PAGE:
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Protection From Whistleblowers
 

Protection From Whistleblowers

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Protection From Whistleblowers

Protection From Whistleblowers

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    Protection From Whistleblowers Protection From Whistleblowers Presentation Transcript

    • The 2008 Hawai'i Employment Law Seminar PROTECTIONS FROM WHISTLEBLOWERS The Olipares Verdict and Beyond Jeffrey S. Harris, Esq. & Kalani A. Morse, Esq. August 7, 2008
    • Olipares v. C&C of Honolulu • Nancy Olipares: Executive Director of the Oahu Workforce Investment Board • Accused the city administration of wrongfully using federal money to pay for a trip to Washington, D.C. by Director of the City Department of Community Services, Michael Amii and City Councilman Gary Okino
    • Olipares v. C&C of Honolulu • Olipares said she raised concerns about the city administration quot;improperly interfering and trying to influence decisions“ of the OWIB. • She reminded the board that quot;federal law required it to maintain independence ... in order to perform its oversight functions.quot;
    • Olipares v. C&C of Honolulu • Department of Community Services had federal workforce development contracts for services like youth training programs and a one-stop job placement center. • Olipares put those contracts out for bid to comply with federal law requiring the OWIB to give private industry control over federal funds used for work-force development and training.
    • Olipares v. C&C of Honolulu • quot;And the city, from that moment on, began to go after Nancy,quot; said David Simons, her lawyer. • Director Amii began questioning her travel requests, sent her harassing e-mail for taking sick days, and revoked her authority to sign invoices. • Olipares and her staff frequently worked overtime because Amii refused to release money to hire more people.
    • Olipares v. C&C of Honolulu • Ultimately, Olipares’ Contract as Executive Director of OWIB was not renewed. • She claims that the City violated the state Whistleblower Protection Act. • She asked for back pay, lost benefits and other damages
    • Olipares v. C&C of Honolulu
    • The Jury awarded her: $3,000,000
    • Employee Sources of Protection Tort Claims Statutory Claims • Specifically protecting whistleblowers • Non-retaliation provisions in statutes aimed at preventing other kinds of employer conduct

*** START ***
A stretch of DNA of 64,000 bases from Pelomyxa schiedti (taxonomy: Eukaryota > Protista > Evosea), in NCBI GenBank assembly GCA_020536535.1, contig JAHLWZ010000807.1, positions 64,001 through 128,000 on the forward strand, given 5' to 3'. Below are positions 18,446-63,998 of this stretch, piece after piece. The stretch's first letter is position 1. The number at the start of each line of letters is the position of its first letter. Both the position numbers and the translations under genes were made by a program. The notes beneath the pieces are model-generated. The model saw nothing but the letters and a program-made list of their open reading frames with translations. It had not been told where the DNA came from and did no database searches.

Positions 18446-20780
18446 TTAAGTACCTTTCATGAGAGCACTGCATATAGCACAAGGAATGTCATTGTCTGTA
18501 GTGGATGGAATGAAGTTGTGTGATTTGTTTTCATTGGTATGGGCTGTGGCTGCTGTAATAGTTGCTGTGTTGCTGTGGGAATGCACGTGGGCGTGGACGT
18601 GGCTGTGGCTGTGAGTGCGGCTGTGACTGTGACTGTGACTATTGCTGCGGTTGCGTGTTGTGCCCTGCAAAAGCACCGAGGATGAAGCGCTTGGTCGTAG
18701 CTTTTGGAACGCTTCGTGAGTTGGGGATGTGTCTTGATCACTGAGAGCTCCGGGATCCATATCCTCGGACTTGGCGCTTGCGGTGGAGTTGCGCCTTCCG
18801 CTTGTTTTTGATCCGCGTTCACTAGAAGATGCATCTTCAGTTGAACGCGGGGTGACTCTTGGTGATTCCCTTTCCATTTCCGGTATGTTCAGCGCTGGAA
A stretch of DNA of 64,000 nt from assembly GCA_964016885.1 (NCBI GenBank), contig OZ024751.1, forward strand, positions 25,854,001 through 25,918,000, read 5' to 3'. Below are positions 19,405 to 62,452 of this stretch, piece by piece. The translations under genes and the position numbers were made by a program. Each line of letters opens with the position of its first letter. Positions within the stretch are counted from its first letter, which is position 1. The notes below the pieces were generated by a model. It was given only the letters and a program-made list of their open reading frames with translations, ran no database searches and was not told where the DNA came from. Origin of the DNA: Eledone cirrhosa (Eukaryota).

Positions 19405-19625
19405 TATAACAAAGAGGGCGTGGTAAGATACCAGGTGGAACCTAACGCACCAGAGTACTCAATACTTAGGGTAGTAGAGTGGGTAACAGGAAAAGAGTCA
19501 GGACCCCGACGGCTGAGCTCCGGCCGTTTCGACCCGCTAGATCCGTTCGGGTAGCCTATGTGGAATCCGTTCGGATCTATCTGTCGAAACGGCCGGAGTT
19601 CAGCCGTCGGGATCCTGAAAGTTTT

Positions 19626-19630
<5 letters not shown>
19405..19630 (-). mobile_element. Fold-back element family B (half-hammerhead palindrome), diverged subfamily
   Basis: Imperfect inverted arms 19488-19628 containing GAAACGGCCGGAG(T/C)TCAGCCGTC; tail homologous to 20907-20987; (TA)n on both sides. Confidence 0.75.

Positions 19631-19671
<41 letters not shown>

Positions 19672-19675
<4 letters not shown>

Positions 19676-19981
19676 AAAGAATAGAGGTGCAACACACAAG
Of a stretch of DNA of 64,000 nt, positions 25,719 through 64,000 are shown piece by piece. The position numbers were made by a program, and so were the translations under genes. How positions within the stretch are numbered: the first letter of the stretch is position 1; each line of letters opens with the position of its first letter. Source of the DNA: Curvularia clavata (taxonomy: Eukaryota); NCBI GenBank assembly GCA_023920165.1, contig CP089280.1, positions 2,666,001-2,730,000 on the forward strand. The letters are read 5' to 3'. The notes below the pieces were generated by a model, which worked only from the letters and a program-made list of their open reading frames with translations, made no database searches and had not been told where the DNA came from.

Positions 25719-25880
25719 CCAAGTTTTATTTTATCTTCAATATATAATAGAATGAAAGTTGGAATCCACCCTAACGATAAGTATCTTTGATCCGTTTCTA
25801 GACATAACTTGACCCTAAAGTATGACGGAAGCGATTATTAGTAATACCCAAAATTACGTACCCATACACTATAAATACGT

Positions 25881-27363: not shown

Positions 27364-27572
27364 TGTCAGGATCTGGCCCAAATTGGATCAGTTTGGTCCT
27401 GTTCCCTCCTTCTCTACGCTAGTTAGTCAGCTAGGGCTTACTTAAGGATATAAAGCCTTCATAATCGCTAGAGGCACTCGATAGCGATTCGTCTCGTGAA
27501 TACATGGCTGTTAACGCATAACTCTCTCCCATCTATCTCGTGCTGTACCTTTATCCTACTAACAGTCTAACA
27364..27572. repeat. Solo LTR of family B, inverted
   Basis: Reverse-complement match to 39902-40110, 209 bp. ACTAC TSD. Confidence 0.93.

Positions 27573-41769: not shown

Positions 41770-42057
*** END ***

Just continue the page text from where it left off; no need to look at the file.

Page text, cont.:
• WHISTLEBLOWERS’ PROTECTION ACT (“WPA”) • Protects employees who report violations or suspected violations of law by their employers – This includes reports to the employer, not just public bodies – Also protects those who participate in investigations of reported violations
    • Elements of a WPA Reporting Claim Employee must prove: 1. He or she reported or was about to report a violation of law or suspected violation of law 2. Suffered an adverse employment action 3. Causal connection between the adverse action and the whistle blowing Crosby v. State Dep’t of Budget and Finance (1994)
    • Elements of a WPA Reporting Claim Employee must prove:
    • Elements of a WPA Reporting Claim Employee must prove:
    • Elements of a WPA Participating Claim Employee must prove:
    • Affirmative Defenses to WPA Claims: “Report was False”
    • Affirmative Defenses to WPA Claims: “it would have occurred anyway”
    • HOW RETLIATION LAWS WORK Elements of a Retaliation claim: • Employee must show: – He/she engaged in protected conduct – He/she suffered an adverse employment action – A causal connection between protected conduct and adverse action
    • Establishing the Causal Connection Established through • Direct Evidence – Express statement that the employee is being fired for protected conduct (rare) • Implied Causation: – Decision-maker knew of protected activity – Temporal proximity between the report and the adverse action suggests a causal link
    • Establishing the Causal Connection Implied Causation: • Additional considerations – Inconsistencies between explanations given for the adverse action – Sharp contrast in treatment of employee before and after employer has notice of protected conduct
    • What is a Retaliatory Act? • Adverse action for retaliation different from adverse action for discrimination – Burlington No. and Santa Fe Ry. Co. v. White, 126 S. Ct. 2405, 2415 (2006) • Would it dissuade a reasonable employee from making or supporting a charge of discrimination? – Court held that retaliatory conduct need not be employment related
    • Reasonable Employee Standard The plaintiff must show that a reasonable employee would have found the challenged action materially adverse